I love old, at least when it comes to jeans, architecture, and antiques. Many of my old (and persisting) habits, however, aren’t quite so lovable.

Eucharisteo (see September 27 post) is transforming my life. Giving thanks, counting gifts, keeping eyes open for miracles and hearts for blessings.

But being transformed doesn’t mean I am completely transformed. Especially when I find my old ways comfortable. For example, I’m funny. Sometimes I’m hysterically funny, but the best wit often comes at the expense of another. And while I don’t have a volatile temper, I sometimes “burst” about the tamest or most ridiculous of things, usually ending with some sort of scathing (or funny but hurtful) comment. While I know it’s wrong, it’s my comfort zone, and so I’ve hung out there pretty regularly.

It happened again today. Well actually, it didn’t just happen. I chose to react. Over something that needed no reaction whatsoever.  This time, it not only didn’t feel right; it no longer felt comfortable. That’s a good thing. That means eucharisteo is working. And eurcharisteo works because it comes from our Creator who calls us to greater things than serving ourselves.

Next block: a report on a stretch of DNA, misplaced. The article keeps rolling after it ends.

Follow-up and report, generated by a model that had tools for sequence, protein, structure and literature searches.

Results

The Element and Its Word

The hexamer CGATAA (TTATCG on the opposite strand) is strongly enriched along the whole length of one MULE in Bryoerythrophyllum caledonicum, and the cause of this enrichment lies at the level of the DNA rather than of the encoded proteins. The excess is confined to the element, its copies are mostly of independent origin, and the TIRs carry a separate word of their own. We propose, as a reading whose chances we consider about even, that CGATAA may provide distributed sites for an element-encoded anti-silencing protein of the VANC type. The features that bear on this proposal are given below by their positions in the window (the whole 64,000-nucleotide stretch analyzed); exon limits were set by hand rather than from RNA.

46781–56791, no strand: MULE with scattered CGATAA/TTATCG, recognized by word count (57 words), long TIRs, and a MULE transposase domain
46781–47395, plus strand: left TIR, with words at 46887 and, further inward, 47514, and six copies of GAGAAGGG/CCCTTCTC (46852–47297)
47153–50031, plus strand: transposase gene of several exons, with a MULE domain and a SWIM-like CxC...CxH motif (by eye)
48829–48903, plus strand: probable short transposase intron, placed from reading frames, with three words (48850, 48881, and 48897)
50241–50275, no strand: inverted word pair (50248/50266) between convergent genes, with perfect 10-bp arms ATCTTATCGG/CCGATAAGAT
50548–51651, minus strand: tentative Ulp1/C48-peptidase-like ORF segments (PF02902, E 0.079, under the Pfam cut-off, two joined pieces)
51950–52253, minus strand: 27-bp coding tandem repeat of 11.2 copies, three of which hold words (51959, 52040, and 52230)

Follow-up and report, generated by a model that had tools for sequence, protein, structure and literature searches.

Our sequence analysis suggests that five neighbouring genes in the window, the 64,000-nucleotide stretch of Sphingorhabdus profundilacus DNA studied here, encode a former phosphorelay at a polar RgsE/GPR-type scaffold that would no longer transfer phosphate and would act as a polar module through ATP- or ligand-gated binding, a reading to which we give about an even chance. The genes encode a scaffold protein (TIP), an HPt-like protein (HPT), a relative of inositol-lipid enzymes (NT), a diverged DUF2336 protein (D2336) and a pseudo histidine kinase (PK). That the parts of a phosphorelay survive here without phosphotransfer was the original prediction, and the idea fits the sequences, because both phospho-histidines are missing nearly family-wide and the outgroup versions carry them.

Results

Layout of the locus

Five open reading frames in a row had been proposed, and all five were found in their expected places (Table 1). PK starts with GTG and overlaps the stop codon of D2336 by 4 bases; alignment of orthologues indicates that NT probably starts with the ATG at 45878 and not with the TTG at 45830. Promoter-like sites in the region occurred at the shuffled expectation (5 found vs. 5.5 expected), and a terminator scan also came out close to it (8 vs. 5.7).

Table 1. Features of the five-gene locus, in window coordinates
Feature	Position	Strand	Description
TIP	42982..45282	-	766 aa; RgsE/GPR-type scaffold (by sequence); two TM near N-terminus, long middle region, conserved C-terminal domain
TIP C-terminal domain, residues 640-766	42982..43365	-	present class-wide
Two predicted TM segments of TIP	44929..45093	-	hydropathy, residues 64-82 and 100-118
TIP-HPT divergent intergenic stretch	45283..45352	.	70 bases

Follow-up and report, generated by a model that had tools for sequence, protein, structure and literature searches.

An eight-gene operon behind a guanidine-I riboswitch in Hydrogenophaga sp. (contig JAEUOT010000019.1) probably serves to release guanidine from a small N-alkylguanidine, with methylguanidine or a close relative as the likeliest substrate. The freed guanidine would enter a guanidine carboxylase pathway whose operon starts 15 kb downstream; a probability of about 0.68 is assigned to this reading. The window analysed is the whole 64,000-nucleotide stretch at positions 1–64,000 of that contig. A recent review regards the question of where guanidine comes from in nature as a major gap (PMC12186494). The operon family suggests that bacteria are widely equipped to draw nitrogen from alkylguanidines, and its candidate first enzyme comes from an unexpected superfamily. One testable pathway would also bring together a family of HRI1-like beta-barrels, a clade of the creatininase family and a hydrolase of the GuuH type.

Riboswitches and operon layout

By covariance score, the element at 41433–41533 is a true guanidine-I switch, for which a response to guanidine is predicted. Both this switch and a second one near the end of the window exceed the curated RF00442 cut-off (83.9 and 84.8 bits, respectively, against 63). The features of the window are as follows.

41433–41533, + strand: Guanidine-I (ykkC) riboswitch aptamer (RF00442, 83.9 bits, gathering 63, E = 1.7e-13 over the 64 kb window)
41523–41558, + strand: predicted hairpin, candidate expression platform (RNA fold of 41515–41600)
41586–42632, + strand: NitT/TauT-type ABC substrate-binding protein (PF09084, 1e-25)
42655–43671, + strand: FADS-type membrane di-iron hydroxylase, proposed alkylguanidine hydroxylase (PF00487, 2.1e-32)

In Ephesians 4:22, Paul calls us to “put off our old self” and be made new.

I’ve read and re-read this verse without really soaking it in or at least not allowing myself to dwell on specifics that pertain to me. I can’t ignore it anymore. This is where the rubber meets the road for me. If I want to continue in believing in the ultimate goodness of God, giving thanks no matter the circumstances, counting the gifts within and around  me, I have to be willing to make the changes for which only I am responsible. 

So I’ll keep the jeans, continue to marvel at old buildings and happily go antiquing, but I’m going to put away the old habits, the old hurts, and the old scores that have not been settled. The load is lighter already…

cameo

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